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NJ court holds that attorney cannot be prosecuted due to delay in prosecution February 17, 2009

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DOCKET NO. A-5846-07T4










Argued January 12, 2009 – Decided

Before Judges Lisa, Reisner and Alvarez.

On appeal from the Superior Court of New Jersey, Law Division, Somerset County, Indictment No. 07-11-00166-S.


Phillip Leahy, Deputy Attorney General, argued the cause for appellant (Anne Milgram, Attorney General, attorney; Mr. Leahy, of counsel and on the brief).


Michael J. Rogers argued the cause for respondent (McDonald & Rogers, LLC, attorneys; Mr. Rogers, of counsel and on the brief).


The opinion of the court was delivered by




By leave granted, the State appeals from an order dismissing four counts1 in an indictment charging second-degree misapplication of entrusted property, in violation of N.J.S.A. 2C:21-15. These charges arose out of four mortgage refinance closings, for which defendant, then a licensed New Jersey attorney, served as the settlement agent. In each instance, defendant received loan proceeds from the new lender, and had an obligation to immediately pay off the mortgage being refinanced. Defendant did not pay off the original mortgages, but instead appropriated the proceeds to his own use. He continued making monthly payments to the original mortgage holders in order to conceal his misapplication of the funds. In time, in each case, the homeowners discovered defendant’s misdeeds, and defendant eventually paid off in full each of the mortgages.

The indictment was returned on November 30, 2007, which was more than five years from each of the four settlements, but less than five years from when each of the old mortgages was paid off. Judge Edward M. Coleman granted defendant’s motion to dismiss the four counts because the State failed to commence the prosecution within the five-year limitation period. The judge rejected the State’s argument that misapplication of entrusted property is a continuing course of conduct offense that was not complete until the original mortgages were paid off. We agree with Judge Coleman and affirm.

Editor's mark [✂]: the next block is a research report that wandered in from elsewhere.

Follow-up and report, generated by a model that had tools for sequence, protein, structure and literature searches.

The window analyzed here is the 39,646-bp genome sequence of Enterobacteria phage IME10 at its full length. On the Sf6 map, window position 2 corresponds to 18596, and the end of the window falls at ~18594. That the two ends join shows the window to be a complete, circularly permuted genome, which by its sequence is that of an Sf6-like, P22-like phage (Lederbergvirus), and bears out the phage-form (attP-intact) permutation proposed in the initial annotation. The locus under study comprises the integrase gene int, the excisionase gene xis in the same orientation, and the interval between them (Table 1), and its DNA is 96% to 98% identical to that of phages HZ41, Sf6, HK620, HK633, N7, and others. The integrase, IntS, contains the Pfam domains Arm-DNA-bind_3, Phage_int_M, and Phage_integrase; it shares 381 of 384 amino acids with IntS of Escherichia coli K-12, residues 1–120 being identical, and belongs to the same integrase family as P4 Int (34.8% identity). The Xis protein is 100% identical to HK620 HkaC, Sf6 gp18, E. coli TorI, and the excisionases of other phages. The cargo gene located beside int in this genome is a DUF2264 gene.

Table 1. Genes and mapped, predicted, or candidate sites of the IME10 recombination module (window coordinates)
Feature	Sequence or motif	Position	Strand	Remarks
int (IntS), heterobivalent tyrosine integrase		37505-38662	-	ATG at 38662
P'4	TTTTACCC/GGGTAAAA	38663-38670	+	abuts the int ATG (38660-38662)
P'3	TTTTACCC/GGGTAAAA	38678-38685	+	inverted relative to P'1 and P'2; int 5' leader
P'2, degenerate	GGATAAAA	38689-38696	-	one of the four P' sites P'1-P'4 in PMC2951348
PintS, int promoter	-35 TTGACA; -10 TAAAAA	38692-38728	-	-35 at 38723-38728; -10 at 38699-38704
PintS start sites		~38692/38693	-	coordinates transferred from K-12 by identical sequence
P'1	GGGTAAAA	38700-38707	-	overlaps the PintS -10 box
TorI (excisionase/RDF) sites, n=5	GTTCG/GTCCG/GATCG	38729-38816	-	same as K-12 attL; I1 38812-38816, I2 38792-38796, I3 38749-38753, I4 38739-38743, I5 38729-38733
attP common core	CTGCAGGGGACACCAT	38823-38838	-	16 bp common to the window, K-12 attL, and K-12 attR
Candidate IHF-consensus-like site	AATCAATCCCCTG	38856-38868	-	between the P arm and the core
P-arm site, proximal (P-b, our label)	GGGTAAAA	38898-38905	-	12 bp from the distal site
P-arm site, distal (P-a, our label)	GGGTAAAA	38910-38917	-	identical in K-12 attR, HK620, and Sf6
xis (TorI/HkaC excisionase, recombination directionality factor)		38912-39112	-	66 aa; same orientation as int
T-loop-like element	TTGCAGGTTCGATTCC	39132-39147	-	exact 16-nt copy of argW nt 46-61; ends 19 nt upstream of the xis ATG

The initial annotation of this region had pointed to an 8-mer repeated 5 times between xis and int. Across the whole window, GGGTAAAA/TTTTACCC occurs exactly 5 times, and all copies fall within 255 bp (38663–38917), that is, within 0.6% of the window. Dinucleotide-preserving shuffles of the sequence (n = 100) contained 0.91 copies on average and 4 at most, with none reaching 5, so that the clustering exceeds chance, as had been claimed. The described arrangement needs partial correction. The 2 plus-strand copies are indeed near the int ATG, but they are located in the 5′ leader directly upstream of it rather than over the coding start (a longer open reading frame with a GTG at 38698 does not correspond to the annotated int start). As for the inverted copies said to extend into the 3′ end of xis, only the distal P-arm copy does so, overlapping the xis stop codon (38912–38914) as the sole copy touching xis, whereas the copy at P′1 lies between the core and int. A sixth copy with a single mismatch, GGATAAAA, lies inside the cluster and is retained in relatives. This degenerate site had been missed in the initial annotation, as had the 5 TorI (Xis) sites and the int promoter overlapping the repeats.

These were the events forming the subject matter of the first count. Homeowners Mark and Susan Diana were refinancing their home in Watchung. Their home was encumbered by a mortgage due to United Trust Mortgage (United Trust) with a balance of $246,562.21. They arranged for a new mortgage with Chase Manhattan Mortgage (Chase) in the amount of $375,000. The closing took place on September 6, 2001. On September 11, 2001, after the passage of three business days under the homeowners’ right of rescision, plus two weekend days, Chase wired into defendant’s account the net mortgage proceeds, after withholding certain closing costs, of $372,273. Defendant was obligated to immediately pay off the United Trust mortgage. But he did not do so. Instead, he made monthly payments as they became due to United Trust, keeping that mortgage current in order to conceal his actions. Defendant used the mortgage proceeds for his own debts and expenses.